Climate Crisis

Taking action to address additional barriers and inequities created by the harmful effects of climate change.

The climate crisis facing our world is a public health priority. It is a crisis with immense population health impacts. Moreover, it underscores and intersects all our work in public health and must be prioritized. While complex, and the scale and scope make it an overwhelmingly daunting task to address, we must.

Implications of climate change include extreme weather events, emerging infectious diseases, mental distress, food insecurity, and exacerbation of health disparities for populations experiencing inequities due to systemic drivers such as colonization, criminalization, poverty, housing instability, and many more.

Effective strategies must take into consideration the broad determinants of health, human rights, climate justice, and the diverse contexts in which positive health is achieved, including the social, economic, natural, and built environments.

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    Certain groups are at higher risk of climate consquences.

    Certain groups are at higher risk of climate consequences, such as people who are not able to prevent or recover from climate events, people with chronic illnesses, children and older adults, and Indigenous people who have a strong, close relationship with the lands and waters. This also means Indigenous people can lead the way and we must respect and understand that successful climate action must be co-created in ways that protect and strengthen Indigenous Rights, knowledge, relations, and unique connections to Title, Traditional Territories, and guardianship of the lands overall.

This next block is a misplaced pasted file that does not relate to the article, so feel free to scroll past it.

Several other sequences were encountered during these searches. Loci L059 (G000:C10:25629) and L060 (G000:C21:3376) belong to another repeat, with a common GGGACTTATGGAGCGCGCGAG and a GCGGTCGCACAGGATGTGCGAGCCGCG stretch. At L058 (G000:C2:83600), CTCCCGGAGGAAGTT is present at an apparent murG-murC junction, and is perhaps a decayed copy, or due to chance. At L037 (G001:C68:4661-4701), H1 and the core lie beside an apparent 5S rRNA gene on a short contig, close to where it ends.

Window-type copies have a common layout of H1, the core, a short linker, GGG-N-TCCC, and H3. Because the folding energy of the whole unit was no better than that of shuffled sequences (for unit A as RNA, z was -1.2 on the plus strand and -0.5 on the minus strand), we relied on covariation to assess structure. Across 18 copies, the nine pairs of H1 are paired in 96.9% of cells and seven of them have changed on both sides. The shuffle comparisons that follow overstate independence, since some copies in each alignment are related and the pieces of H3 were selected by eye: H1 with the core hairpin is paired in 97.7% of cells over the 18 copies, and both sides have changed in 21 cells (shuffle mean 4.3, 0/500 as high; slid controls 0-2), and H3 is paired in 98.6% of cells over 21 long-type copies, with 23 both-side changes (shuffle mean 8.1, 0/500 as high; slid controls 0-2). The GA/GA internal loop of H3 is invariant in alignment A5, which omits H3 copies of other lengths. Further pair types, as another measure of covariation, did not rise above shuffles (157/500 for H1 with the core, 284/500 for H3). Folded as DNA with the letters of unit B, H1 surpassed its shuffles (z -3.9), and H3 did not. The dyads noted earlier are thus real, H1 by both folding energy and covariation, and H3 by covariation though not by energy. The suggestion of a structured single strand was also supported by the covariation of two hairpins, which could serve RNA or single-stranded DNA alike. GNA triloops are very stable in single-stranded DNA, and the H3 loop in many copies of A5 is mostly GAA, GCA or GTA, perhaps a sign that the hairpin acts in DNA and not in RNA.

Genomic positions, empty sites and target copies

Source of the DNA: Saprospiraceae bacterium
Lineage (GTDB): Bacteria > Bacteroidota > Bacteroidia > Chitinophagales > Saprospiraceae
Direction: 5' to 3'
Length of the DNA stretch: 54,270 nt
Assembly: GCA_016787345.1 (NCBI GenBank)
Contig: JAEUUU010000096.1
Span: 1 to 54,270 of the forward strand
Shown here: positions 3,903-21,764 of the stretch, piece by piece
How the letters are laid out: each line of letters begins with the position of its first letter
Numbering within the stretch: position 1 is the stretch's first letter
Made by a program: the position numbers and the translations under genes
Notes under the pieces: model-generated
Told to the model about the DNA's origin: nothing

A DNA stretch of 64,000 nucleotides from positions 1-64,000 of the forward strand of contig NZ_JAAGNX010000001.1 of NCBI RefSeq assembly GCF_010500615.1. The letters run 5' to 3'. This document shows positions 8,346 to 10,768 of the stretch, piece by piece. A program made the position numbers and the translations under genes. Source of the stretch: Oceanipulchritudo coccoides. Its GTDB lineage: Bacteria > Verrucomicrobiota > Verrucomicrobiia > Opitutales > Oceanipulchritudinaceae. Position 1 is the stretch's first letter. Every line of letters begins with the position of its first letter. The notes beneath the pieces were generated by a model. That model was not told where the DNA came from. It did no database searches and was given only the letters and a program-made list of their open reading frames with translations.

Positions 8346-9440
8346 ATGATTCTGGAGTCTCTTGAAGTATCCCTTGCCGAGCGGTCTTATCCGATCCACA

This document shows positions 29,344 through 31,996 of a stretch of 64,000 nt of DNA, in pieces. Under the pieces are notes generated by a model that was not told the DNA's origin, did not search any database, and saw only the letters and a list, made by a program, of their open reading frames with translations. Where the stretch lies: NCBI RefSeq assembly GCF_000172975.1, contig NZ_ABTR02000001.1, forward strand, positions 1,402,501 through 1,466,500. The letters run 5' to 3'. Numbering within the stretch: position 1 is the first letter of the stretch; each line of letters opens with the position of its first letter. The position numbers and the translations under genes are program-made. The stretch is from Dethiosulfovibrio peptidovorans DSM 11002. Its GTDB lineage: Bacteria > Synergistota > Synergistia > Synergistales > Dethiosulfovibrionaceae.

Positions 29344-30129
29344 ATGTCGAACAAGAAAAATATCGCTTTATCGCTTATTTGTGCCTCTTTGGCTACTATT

The Foundation has begun conversations with our partners in regions across BC to better understand community needs, and local adaptations to the climate crisis, as well as with our provincial partners, and it is through these conversations that we will be able to shape our response, support, and investment in this critical area.

    We know we need to address this work within a greater context — for example, mental health can be directly and indirectly impacted by climate change and rural and remote Indigenous communities are particularly vulnerable to extreme events like flooding. We know there are many needs and taking an equity-based, socially-just approach grounded in community, reconciliation, collaboration, and the determinants of health will enable us to work towards community resiliency and improved population health outcomes across BC.

    Together with our supporters, the Foundation is focused on turning evidence into action by addressing the biggest crises of our times we’re working to strengthen public health, drive innovation, promote health and protective health factors, reduce harms, and advance equity and resiliency to support the generations of tomorrow. Your gift will help us to be prepared for the work that lays ahead, ensuring we are able to support the crucial work that is needed to drive real and lasting change.

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